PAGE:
When I walk outside these past few days, I’m appreciating the sun on my face. When I think about those three women (and the child) who were trapped in that hell for ten years in Cleveland, it just defies comprehension that their youth was robbed of them in such a monstrous way. Karma isn’t enough, and there is no sentence I can imagine good enough, for that excuse for human life who kidnapped them, beat them, raped them, starved them, shackled them, mind-fucked them, etc. I don’t care if he had a troubled youth himself, he violated people in his life a thousand fold and that is simply beyond outrageous.
As much as a Francophile as I am, I’m very glad that my daughter will no longer be Monique. She is changing her middle name to Hayden when she becomes Mrs. Hernandez next month. I think it will flow nicely and what’s fortunate is that she is one of the few women who can probably have a middle name that is suitable as a common name for a woman (and a man). Think of Hayden Panettiere, the actress and dolphin activist. She was very sweet when she brought the subject up because she knows that my niece’s middle name is Hayden, something my sister Sabina did when we feared there would be no more Haydens in our line, but now I have a nephew to rectify that. Alex is also considering giving her kids the middle name Hayden, which fortunately does work for both genders. Monique was just something I thought sounded nice, but Hayden is something more special and personal. I do wish there was some indication that she was Italian in there, but her name is already going to be a mouthful.
I’m not sure I agree with the logic or attempt at realism, but our emergency drill today here at my job involved their using blank ammunition, I suppose to simulate a weapon-yielding whack job coming into this place. I hope they didn’t give anyone any ideas. It’s a hospital and so far I haven’t heard of any of these mass shootings taking place in one.
Today was my last day working at Stanford as I’m moving on to a new job Monday, but I’m kind of sad. I won’t miss the sometimes monstrous commute, but I met some uber-intelligent, amiable people, who I intend to stay in touch with. I had a wonderful experience doing something outside of the box, career-wise, and in the process got to experience a “campus life” that I never had going to law school and college at night and during the weekends. What’s more it was in a very progressive, prestigious and physically gorgeous, world-class locale, that I had previously never ventured into, despite being raised mostly in the Bay Area.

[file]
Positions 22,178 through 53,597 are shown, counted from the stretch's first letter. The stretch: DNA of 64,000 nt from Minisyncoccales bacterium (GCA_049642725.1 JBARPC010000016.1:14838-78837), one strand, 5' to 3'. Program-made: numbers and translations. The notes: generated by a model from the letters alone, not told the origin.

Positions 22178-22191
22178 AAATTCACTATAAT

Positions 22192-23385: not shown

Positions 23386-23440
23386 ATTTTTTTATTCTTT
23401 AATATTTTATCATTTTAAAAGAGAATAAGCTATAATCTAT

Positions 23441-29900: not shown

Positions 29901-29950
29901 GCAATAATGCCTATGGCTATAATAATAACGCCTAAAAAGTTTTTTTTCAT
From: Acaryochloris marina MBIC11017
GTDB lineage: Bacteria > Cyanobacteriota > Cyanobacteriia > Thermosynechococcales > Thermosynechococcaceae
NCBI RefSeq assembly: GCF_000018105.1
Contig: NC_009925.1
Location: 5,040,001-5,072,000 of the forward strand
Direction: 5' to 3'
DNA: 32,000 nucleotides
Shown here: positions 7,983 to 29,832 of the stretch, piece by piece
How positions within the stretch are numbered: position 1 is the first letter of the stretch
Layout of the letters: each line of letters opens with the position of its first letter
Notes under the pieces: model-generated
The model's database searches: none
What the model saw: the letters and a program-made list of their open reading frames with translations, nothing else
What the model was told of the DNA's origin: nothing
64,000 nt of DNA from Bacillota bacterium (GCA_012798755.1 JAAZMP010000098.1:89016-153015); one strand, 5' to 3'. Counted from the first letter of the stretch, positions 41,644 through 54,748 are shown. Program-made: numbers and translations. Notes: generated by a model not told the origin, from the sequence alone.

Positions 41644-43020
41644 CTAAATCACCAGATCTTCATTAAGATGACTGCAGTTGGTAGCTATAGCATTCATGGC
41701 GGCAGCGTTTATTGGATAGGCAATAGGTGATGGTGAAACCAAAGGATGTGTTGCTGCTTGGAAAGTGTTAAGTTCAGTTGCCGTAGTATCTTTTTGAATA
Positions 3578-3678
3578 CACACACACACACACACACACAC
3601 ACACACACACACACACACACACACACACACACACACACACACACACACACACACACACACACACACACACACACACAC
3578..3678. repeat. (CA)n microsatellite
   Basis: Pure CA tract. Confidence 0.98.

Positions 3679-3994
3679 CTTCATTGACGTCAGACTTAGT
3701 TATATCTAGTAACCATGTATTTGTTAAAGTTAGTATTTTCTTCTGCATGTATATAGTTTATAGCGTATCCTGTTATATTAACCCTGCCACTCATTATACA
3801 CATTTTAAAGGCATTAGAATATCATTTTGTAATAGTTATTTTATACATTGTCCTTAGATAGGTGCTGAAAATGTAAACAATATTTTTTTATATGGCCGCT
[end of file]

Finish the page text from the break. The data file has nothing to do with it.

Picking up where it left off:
Even before I started only being able to eat so little due to the sleeve surgery, I had toyed with the idea and had avoided the most bone-exposed eating for a long time. In my twenties I even went eight years without eating red meat or pork (only poultry and a little fish), but definitely gained a lot of weight.
Life is different now. I’ve learned that many smart people (like Einstein) became vegeterian in their later years. I’ve seen lots of documentaries and less biased reports about the the health benefits of a much smaller amount of meat consumption and I really like the taste and texture of (usually cooked) vegetables. I find them easier to digest. I’m still not convinced I should not have dairy or eggs, but I do think we can humanely treat farm animals that yield us these products. World sustainability is important, and also getting nutrients in the small amount of food I’m able to eat is important to me as I am no longer required to be on many medications. It helps that my daughter and her fiance live and work in Berkeley, where the slow food movement was founded, and that they often have vegan weekends and/or go on raw food forays. They don’t use microwaves or have many of the things that my daughter enjoyed eating very much growing up. She’s always liked a wonderful variety of cuisines, but her tastes have become even more exotic and experimental, yet still prudent and wise.
My daughter’s new business sites: “Candles made to honor the Orisha”
Going through Youtube I just found out today that Vesta Williams died last year, apparently in a hotel room from a prescription drug/alcohol overdose, at the age of 53. Perhaps because it happened so close to Teena Marie’s death and in light of Whitney Houston’s death by similar circumstances, not to mention Michael Jackson. She was one of my favorite singers and should have been a far more popular singer because she had an amazing, innate talent.